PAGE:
Most technologies go through a stage when everything seems possible. Personal computers in the early 1980s, the internet in the late 1990s and mobile apps around the beginning of this decade were like that.
But so was the first unboxing of a Galaxy Note 7. In time, either suddenly or gradually, reality sets in.
The internet of things still looks promising, with vendors and analysts forecasting billions of connected devices that will solve all sorts of problems in homes and enterprises. But the seams are starting to show on this one, too. As promising as the technology is, it has some shortcomings. Here are a few.
IoT systems are only as good as the data they capture, and some of it is .
, the Broadband Internet Technical Advisory Group warned in a report issued late last year.
last year when its DVRs and connected cameras got pulled into a Mirai botnet that took down large parts of the internet. Weak default passwords opened them up to the attack. The company had stopped shipping units with those weak passwords the year before, but for older products it was reduced to asking owners to update the firmware and change the password by hand.
This means two things: IoT devices attract hackers, because they’re plentiful and overlooked, and it’s up to vendors to build in security and allow for automatic over-the-air updates.
IoT is still a moving target, and it will be for a while yet. That makes it hard to choose technologies, because some may not survive for the long haul.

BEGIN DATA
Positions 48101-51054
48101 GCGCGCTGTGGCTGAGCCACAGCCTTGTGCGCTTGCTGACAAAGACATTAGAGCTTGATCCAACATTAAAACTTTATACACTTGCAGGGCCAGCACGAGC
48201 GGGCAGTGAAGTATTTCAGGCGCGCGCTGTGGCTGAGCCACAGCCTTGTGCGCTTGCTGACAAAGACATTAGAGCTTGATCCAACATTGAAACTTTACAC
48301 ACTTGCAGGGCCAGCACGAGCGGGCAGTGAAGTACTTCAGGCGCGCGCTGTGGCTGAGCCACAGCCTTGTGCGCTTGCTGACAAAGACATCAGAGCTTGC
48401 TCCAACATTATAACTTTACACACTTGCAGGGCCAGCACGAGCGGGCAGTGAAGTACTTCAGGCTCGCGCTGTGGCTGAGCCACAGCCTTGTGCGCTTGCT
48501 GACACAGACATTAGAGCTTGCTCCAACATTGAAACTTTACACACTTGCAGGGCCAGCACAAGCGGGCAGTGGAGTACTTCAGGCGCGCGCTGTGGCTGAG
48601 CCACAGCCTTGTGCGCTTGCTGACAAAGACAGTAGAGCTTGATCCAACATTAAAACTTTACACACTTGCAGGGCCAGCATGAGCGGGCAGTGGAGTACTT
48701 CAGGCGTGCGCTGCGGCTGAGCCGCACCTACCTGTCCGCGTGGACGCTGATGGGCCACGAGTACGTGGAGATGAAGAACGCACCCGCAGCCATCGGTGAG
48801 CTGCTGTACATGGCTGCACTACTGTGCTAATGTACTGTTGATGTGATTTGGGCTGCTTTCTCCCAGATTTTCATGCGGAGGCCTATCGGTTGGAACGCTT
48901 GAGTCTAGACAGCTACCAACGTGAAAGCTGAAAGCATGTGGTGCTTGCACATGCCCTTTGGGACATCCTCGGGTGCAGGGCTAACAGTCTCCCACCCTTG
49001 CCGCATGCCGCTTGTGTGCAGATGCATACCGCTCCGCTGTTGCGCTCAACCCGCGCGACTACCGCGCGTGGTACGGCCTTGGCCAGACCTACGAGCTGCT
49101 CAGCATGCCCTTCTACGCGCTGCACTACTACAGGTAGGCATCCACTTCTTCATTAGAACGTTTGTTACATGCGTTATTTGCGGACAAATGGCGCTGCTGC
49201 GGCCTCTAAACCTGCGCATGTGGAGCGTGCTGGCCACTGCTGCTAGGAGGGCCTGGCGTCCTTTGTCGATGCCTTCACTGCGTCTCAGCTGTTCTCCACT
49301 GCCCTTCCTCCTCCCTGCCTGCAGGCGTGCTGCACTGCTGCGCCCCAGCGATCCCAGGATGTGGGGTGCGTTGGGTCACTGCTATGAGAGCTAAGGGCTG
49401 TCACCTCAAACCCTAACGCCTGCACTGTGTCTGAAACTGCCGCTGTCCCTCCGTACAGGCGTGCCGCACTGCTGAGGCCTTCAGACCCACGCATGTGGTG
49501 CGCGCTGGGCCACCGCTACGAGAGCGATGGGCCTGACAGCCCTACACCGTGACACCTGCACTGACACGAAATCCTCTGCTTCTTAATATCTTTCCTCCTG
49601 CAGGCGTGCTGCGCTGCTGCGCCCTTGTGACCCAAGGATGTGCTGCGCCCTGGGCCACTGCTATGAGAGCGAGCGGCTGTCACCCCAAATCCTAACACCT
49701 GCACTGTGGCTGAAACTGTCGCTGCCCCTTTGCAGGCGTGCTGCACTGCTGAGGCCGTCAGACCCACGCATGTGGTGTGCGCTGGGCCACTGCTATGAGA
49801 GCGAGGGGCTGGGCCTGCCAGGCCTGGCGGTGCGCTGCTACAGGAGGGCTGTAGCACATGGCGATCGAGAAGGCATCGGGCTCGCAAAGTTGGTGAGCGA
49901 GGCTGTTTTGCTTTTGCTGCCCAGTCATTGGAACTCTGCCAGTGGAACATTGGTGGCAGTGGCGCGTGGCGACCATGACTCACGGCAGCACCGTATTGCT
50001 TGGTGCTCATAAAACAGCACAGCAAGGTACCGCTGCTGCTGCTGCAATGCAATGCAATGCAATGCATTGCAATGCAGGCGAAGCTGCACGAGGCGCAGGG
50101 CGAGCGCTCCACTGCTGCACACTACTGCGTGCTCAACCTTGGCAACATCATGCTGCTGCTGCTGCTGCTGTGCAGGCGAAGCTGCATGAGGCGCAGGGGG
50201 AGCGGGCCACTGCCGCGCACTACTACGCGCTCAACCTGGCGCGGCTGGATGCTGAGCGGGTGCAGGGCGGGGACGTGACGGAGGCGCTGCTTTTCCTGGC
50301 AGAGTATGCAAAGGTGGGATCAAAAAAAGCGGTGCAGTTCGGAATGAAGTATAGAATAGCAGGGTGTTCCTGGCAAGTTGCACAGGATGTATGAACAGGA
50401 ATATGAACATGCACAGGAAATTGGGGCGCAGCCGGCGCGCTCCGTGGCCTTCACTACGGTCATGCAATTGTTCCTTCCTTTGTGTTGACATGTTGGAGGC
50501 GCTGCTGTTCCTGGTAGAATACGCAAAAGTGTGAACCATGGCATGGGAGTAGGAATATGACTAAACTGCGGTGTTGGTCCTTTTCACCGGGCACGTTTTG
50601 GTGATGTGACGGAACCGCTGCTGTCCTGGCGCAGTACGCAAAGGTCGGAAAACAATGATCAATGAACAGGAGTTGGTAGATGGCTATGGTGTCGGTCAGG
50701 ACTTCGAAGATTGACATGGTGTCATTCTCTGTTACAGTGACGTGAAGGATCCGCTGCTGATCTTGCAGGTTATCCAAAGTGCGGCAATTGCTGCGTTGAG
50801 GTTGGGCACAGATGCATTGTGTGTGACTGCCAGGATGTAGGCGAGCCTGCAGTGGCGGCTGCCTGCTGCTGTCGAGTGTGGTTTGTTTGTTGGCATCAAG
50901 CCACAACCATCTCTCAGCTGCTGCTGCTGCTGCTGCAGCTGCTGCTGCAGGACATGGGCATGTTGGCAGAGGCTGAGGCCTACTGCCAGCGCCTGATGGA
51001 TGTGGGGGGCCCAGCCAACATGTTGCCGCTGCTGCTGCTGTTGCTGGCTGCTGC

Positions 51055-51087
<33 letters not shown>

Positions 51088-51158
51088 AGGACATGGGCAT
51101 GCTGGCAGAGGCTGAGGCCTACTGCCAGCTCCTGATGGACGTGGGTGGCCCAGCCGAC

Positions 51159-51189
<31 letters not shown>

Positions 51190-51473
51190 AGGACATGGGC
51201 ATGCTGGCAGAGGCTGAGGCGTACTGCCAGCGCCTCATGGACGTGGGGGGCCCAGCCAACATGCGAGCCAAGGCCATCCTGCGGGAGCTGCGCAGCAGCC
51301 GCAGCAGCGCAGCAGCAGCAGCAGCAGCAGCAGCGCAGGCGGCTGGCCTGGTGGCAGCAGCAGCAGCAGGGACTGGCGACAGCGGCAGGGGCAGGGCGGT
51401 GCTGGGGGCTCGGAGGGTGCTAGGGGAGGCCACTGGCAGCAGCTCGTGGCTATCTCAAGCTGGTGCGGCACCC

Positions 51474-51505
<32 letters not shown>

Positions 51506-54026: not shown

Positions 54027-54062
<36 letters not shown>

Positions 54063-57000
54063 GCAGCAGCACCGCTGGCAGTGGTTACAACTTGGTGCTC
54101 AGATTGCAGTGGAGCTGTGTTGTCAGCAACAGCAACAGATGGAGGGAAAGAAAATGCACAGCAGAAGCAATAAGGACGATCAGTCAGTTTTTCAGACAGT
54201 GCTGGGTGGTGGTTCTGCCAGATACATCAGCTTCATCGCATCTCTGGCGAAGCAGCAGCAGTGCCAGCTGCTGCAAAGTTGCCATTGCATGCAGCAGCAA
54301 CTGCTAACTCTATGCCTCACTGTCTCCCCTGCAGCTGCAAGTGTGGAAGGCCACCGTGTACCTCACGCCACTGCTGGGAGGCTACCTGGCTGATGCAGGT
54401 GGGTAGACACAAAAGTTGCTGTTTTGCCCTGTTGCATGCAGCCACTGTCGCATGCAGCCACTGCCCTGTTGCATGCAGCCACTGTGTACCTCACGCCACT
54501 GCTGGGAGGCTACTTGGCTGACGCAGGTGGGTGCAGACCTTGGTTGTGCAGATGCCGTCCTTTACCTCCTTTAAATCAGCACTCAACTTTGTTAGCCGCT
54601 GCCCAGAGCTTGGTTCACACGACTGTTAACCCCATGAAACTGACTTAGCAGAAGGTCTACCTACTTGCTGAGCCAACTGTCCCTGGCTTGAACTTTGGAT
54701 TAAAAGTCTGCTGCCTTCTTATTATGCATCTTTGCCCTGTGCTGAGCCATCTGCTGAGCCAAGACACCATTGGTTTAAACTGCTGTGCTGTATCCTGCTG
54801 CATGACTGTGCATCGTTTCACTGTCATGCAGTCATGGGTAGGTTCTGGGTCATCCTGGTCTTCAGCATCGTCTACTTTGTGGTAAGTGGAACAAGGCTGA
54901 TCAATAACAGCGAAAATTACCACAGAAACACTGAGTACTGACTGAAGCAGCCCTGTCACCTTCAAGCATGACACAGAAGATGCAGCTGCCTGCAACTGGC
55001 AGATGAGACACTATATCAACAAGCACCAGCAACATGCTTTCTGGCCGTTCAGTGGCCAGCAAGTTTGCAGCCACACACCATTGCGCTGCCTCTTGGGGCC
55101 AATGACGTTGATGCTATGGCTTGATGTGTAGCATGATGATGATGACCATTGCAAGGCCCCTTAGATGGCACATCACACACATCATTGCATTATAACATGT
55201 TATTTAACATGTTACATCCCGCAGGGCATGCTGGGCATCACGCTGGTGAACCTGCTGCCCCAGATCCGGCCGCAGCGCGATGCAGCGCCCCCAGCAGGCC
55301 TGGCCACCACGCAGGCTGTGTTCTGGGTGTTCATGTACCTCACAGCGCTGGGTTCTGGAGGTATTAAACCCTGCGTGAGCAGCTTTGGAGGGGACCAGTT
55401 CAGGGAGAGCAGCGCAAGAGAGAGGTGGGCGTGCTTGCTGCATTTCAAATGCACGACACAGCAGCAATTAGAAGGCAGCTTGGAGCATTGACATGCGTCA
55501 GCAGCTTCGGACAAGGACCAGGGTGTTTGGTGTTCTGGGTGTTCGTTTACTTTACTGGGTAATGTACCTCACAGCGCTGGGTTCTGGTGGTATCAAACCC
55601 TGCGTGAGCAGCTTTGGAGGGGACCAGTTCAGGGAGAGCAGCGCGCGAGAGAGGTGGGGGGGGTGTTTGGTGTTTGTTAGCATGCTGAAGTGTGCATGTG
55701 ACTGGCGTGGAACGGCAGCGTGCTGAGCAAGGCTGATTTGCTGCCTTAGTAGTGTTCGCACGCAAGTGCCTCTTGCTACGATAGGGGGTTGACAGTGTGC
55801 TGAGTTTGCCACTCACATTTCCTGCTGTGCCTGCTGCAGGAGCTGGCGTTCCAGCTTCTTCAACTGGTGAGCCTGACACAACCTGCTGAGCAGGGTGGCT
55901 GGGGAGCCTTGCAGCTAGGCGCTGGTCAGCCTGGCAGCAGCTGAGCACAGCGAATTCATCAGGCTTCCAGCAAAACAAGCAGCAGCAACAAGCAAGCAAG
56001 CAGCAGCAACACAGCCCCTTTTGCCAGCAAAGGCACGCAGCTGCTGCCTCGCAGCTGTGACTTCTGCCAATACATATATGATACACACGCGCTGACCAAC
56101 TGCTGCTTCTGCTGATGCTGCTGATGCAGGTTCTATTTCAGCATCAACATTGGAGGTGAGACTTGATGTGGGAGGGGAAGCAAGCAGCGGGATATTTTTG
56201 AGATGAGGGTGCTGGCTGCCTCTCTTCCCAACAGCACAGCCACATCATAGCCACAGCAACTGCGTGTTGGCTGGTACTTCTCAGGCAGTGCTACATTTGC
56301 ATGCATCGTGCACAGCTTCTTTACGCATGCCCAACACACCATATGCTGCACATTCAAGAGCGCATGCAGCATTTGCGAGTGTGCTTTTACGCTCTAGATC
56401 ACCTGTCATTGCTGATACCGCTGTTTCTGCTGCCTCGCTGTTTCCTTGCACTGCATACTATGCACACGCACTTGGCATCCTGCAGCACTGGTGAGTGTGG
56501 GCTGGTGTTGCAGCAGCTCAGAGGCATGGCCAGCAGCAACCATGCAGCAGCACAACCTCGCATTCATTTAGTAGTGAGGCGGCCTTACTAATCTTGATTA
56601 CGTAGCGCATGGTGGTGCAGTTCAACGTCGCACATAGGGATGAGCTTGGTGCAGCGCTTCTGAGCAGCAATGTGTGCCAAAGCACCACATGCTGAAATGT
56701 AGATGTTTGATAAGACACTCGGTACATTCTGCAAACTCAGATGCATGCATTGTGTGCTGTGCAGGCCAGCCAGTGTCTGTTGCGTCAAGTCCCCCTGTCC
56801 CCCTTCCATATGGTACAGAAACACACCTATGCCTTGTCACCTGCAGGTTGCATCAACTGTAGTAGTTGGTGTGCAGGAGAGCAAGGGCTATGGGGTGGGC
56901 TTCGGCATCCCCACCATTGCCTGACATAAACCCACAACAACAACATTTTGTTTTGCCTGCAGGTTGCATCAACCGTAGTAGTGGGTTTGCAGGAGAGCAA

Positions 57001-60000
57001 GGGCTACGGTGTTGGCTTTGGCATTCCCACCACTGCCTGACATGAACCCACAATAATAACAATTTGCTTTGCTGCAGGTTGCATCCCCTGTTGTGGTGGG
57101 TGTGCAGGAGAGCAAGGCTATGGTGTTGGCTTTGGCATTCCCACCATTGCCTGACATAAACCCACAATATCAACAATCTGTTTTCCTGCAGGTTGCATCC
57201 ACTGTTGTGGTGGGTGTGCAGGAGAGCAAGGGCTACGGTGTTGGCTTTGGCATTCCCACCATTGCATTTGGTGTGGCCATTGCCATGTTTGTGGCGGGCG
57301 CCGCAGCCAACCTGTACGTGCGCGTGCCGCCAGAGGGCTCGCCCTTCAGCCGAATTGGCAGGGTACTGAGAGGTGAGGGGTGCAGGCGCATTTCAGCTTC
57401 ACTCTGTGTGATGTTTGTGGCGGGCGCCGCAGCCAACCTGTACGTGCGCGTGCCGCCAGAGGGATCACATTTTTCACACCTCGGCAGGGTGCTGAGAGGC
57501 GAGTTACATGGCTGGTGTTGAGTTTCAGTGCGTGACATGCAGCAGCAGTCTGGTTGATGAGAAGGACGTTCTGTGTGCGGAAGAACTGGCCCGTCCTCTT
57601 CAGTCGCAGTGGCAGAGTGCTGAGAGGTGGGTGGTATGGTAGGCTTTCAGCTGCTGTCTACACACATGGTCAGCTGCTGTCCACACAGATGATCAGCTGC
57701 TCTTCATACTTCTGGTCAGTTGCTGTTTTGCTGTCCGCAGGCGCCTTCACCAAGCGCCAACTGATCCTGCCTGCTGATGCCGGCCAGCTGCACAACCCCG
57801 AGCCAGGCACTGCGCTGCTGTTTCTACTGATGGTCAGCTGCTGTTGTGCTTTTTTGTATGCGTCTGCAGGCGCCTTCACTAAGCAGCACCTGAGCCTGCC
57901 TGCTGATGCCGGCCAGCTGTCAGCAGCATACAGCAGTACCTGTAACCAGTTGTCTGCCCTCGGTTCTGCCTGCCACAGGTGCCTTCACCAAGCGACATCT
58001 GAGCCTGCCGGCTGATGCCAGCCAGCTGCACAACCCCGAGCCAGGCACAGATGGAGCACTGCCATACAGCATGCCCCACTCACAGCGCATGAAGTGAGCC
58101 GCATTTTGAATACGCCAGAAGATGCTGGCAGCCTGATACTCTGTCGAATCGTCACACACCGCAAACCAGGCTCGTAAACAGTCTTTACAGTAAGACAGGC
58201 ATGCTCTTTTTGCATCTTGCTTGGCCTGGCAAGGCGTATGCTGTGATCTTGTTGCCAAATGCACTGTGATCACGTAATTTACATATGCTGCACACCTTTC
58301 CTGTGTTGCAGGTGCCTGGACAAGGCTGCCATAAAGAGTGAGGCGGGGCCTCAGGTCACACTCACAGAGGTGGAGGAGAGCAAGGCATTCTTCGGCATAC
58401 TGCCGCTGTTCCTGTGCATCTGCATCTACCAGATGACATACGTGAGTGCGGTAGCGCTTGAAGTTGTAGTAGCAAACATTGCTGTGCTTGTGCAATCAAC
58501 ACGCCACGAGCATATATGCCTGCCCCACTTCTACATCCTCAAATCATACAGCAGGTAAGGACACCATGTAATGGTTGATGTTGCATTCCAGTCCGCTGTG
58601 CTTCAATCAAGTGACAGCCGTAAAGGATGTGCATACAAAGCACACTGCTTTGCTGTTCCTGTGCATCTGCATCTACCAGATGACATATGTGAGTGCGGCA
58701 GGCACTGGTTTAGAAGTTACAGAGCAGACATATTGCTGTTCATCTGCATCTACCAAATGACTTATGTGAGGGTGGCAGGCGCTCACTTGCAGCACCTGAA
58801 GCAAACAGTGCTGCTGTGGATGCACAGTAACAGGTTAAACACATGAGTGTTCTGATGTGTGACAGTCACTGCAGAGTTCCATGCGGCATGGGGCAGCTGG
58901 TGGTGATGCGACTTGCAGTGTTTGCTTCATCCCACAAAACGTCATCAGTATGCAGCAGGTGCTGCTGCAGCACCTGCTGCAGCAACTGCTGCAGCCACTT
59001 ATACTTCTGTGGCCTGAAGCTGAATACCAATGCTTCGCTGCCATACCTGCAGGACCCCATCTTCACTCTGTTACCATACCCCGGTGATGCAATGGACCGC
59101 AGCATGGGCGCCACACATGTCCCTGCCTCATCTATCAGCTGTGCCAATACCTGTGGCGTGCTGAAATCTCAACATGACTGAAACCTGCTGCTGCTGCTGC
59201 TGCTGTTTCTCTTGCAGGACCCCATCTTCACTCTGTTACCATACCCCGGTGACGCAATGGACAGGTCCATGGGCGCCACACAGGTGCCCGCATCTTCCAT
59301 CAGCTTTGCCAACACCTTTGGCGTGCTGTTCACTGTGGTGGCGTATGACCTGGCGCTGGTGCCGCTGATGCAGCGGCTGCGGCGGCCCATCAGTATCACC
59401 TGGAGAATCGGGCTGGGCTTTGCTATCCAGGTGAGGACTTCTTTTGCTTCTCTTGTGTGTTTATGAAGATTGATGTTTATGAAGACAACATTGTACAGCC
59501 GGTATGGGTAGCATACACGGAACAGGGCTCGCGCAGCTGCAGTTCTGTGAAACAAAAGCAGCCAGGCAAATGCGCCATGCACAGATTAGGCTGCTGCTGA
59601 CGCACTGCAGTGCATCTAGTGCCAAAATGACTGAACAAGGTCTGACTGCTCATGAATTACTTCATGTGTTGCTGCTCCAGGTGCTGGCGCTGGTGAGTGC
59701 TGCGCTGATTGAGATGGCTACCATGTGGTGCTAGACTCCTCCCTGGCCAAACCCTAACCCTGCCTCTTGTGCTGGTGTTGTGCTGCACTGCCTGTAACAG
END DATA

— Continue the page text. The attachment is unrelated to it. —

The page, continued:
If you’re a consumer, orphaned products like Nest’s hub can feel like a ripoff and an inconvenience. If you’re an enterprise with millions of sensors built for a network that’s fallen out of favor, maintenance and migration could be very expensive.
Some specifications that are only a few years old, like , are already merging. Having fewer standards is probably a good thing, and vendors will try to make the old work with the new, but consolidation may still hold surprises.
raise this issue, too. There are many to choose from now, but analysts say there probably won’t be enough of a market for all in the long run. While the towers might not come down before it’s time to replace the devices that use them, a network in survival mode won’t be expanding, either. So for now, it’s best to proceed with caution.
You can’t just plug it in
Connecting a bunch of machines and suddenly getting automation and business insights sounds great, but IoT doesn’t work that way.
Because it crosses the line between computing systems and physical infrastructure, like machine tools and air conditioners, IoT forces IT to collaborate with operations people they may not even know. In fact, a Technalysis survey last year found operations departments were in charge of IoT projects than IT shops.
And while pilot projects are a good way to start, by each department keep enterprises from getting all the benefits of IoT, Strategy Analytics found in a survey last year. Data collection projects need to go hand in hand with analytics, including knowing what questions to ask and which tools can answer them. Haste can cause more confusion than convenience: Fifty-one percent of enterprises Strategy Analytics surveyed weren’t sure whether IoT was paying off.